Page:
The Taste of Irony
Lightning flashed in the night, revealing a house set beyond the alder thicket. The rain, rare for mid-summer, poured off the roof tiles and watered the garden beds and grape vines that surrounded it. Inside the building, the rain ran fell into the courtyard, splashing over the tiles there with a gentle, almost musical sound. It should have been soothing, and for most of those who lived in the house of Calypso, daughter of the Titan Atlas, it was. The lady of the house had sent the last of her attendants off to their rest hours earlier, and the sound of the rain and soft snoring ruled her little domain. She, though, could find no rest and sat in her lamplit workroom in front of a large loom, separated from the courtyard by only a half-drawn linen curtain. Even the clean, cool air, free of the stickiness of the day couldn’t ease her. She sought release in the rhythm of her weaving, her braceleted arms working the fine threads with a practiced ease.
Suddenly though, the quiet was shattered as the front door opened and someone stepped in. A small gust of wind flickered her lamps. Calypso knew who it was, who it had to be and sighed at the sound, feeling an unnamed tension pass out of her body as he shut the door behind him. Still, she forced herself not to turn as she heard him come in, and instead, continued to sit at her loom, pulling the heddle bar up before shooting the shuttle through one last time. As she beat the thread into place, she could hear him drop his weapons near the entryway. He cursed softly as he fumbled for something there. Metal clattered on the floor. But after that, he quieted and then began moving silently through the house.
One of her girls, not yet fourteen, was stretched out on a pallet in the workroom. Hearing the noise, the girl sat up. “Mistress?”she asked.
“Don’t worry, Ianthe. I’ll deal with it,” she said. “Go back to sleep. It’s just Odysseus coming home.”
The girl looked at her lady with a gentle, thoughtful look, as if she were about to say something, then nodded, and snuggled back into her pallet. Her servants of late had been giving her many such looks. Caring concern.
She thought about them, mortals all, the women of her household, Ianthe, Phyllis, Alea, Callisto who had chosen to grow old on the island rather than return, and the others. She was their goddess, their mother, their protector. The idea that they might see her in need of protection made her frown.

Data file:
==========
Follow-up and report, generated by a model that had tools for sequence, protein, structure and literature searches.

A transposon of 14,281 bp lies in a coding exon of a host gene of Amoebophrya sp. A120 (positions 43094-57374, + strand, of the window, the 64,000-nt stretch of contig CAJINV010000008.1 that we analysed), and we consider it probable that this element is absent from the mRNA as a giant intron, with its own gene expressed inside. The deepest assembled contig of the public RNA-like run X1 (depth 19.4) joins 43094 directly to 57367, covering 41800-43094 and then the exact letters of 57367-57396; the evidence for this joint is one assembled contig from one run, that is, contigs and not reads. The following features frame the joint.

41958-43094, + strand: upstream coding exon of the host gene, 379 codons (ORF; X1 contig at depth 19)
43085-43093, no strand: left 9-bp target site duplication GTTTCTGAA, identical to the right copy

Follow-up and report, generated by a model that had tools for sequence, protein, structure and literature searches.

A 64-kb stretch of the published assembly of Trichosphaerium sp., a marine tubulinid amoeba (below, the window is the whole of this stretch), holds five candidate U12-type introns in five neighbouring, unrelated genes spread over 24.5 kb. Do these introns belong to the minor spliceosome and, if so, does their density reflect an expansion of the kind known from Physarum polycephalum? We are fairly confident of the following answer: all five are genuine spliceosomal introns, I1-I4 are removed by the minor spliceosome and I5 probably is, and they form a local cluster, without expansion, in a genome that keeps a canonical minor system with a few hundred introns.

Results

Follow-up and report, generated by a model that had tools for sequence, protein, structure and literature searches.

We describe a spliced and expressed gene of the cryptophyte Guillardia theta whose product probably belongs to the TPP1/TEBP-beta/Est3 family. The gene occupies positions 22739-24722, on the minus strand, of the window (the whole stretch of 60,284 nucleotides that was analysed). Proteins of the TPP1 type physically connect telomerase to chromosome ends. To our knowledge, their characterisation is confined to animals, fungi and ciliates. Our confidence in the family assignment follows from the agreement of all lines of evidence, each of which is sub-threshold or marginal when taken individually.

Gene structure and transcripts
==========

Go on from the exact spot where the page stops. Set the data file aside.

“I am the daughter of Titans, a goddess in my own right. I have the power and the beauty and the wisdom of the gods,” she said, as she wound red thread on a shuttle with a certain vehemence. “What is the concern of mortals to me?” She put the shuttle aside. “But yet...”
Standing up, she walked through the quiet building, past where her maidens lay fast asleep in their curtained off chambers. If not for them, she would be alone. She had no way off the island, thanks to the politics of her father and the policies of the gods on Mount Olympus. Once every ninth year, a ship would come, bearing offerings from the mainland - cloth and trinkets, oils and spices, play things and petitions, and nine young women, girls really, who were sent over to receive the blessing of the goddess. And seven or eight or nine would return to the mainland.
She asked the girls why they did it. They told her that it was considered lucky to have the blessing of the goddess, and the girls who returned were sought after as brides because it was believed those women would have long and happy marriages. The irony of that had amused her once. Now, living with a man who avoided her and mourned for another, it tasted bitter.
The ship would pull up to one sheltered cove marked off by red posts driven into the ground.
Past those posts, no man had ever stepped on her island. Except for one, who now waited for her behind her own bedroom door.
She left her loom, and went to face him.
Calypso, daughter of the titan Atlas and niece of Prometheus, lived on the island of Ogygia. Odysseus, on his way home from the Trojan War, was washed up on her island, where she shared his bed and promised him immortality and eternal youth, but she could never get him to relinquish his longing for his wife Penelope and his home on Ithaca. Forced by Zeus, to let him go, it is said she mourned long after his passing.